Before the baseball regular season ended, my Dad and I made a father-son trip to see our team, the Minnesota Twins, play in their stunning new stadium, Target Field, in Minneapolis—it was a trip we’d been planning for quite some time.
We’d made the plans before the All-Star break at the mid-point of the season, and since then the Twins had tanked. They were way out of contention by the time we saw them play, but baseball is a grand game that rewards faithfulness in its own way. They failed to score in their first two losses of the weekend, but a surprise late-game homer won the final game of the homestand, and the excitement seemed to make it all worthwhile.
Dad and I had a great trip—we watched a lot of baseball and drank a lot of beer together. I’m pretty sure that will qualify as a standard day in heaven.
By now, I’ve spent the majority of my life outside of my family of origin, so it takes this kind of attentiveness and intentionality to sustain those fundamental family relationships. As an adult, I’ve always, always found it worthwhile to spend time like this with my parents.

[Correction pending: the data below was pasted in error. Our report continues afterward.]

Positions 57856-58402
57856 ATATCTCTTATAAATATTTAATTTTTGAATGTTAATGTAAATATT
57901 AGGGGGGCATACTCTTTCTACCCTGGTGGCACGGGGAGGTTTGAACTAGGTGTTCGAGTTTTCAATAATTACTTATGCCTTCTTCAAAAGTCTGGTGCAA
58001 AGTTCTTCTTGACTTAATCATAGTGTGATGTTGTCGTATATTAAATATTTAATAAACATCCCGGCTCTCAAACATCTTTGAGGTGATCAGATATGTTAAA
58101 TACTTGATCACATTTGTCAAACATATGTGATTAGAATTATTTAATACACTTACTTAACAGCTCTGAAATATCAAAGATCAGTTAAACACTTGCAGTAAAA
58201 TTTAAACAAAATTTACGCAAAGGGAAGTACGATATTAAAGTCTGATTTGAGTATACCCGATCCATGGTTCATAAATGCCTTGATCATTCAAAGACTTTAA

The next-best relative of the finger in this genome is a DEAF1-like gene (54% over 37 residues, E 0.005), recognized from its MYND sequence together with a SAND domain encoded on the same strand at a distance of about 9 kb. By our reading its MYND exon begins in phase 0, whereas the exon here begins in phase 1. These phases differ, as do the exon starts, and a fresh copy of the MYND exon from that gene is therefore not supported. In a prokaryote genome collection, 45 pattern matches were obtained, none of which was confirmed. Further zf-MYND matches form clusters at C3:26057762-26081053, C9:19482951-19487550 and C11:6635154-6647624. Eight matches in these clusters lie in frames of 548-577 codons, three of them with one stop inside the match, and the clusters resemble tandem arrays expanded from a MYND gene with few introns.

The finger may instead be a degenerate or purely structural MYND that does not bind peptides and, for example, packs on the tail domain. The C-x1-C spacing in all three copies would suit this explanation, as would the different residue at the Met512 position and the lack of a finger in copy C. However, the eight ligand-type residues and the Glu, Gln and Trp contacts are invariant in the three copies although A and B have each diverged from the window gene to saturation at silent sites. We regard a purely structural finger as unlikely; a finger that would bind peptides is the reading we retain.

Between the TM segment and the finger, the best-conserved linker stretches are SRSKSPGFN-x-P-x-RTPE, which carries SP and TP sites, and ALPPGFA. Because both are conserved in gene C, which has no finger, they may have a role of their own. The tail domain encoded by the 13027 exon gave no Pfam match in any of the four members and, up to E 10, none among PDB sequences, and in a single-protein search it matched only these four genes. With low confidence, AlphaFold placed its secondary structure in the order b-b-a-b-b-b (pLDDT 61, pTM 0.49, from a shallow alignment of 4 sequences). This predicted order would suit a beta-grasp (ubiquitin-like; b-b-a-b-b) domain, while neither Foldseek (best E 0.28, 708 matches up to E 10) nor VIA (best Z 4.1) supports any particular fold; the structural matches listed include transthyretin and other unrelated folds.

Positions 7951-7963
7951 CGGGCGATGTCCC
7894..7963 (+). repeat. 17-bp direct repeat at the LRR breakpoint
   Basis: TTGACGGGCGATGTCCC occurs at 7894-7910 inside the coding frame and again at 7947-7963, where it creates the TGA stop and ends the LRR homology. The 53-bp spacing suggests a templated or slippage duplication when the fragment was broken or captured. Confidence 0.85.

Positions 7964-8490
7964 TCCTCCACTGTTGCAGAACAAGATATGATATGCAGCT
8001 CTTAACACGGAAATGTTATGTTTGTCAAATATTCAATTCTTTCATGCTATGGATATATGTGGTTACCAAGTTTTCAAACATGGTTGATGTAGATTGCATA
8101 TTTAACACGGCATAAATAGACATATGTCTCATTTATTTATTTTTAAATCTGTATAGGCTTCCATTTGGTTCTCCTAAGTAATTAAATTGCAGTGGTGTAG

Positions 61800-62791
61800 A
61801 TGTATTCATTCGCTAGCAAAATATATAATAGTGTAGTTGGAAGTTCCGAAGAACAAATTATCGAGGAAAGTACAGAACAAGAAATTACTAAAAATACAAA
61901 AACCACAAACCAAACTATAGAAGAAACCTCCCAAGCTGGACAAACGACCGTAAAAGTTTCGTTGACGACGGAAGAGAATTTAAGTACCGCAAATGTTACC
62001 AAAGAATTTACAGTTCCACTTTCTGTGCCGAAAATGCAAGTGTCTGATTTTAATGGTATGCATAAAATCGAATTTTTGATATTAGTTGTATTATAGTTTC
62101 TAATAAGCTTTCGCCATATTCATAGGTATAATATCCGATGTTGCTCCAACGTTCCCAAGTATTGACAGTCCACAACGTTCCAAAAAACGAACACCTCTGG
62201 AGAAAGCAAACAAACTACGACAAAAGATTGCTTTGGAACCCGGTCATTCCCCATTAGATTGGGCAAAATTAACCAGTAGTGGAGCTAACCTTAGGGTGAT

It is almost like looking into a dim mirror—I’m at the age my Dad was at when we were forming our connection over baseball. I think we both recognize his reflection in the role I am filling with my family now, so spending time together is a thing both old and new at the same time. Kind of like baseball itself.
With the start of the school year and the extra work I’ve taken on this past month, the timing of the trip didn’t turn out to be ideal—in hindsight, our family might have preserved some sanity with a different arrangement. But it was an important trip to take, so Stacey was great about getting me out the door and keeping the domestic train rolling while I was gone for a long weekend.
The trip was purely gratuitous—it was simply about making memories with my Dad—but Stacey saw the value in that experience for me. I never heard her grumble about what my absence would cost the family, or how it might inconvenience her.
I was very grateful that she supported me. She did more than just get out of the way—she encouraged me to do it. I felt like she had my full thriving in mind—that she wanted the best for me, regardless of what that might mean for her.
Good marriages are like this, though—spouses should want the best for each other, and be willing to sacrifice to make those desires real. This unconditional love is the font of mutuality—a great father-son weekend inspires me to want the same for her. Not that she “gets” a weekend away now that I’ve had one—that would not be unconditional love. Besides, she’d be miserable watching the Twins play (who wasn’t this year?) and she hates beer.
We have found it best to keep score in baseball, but not in marriage.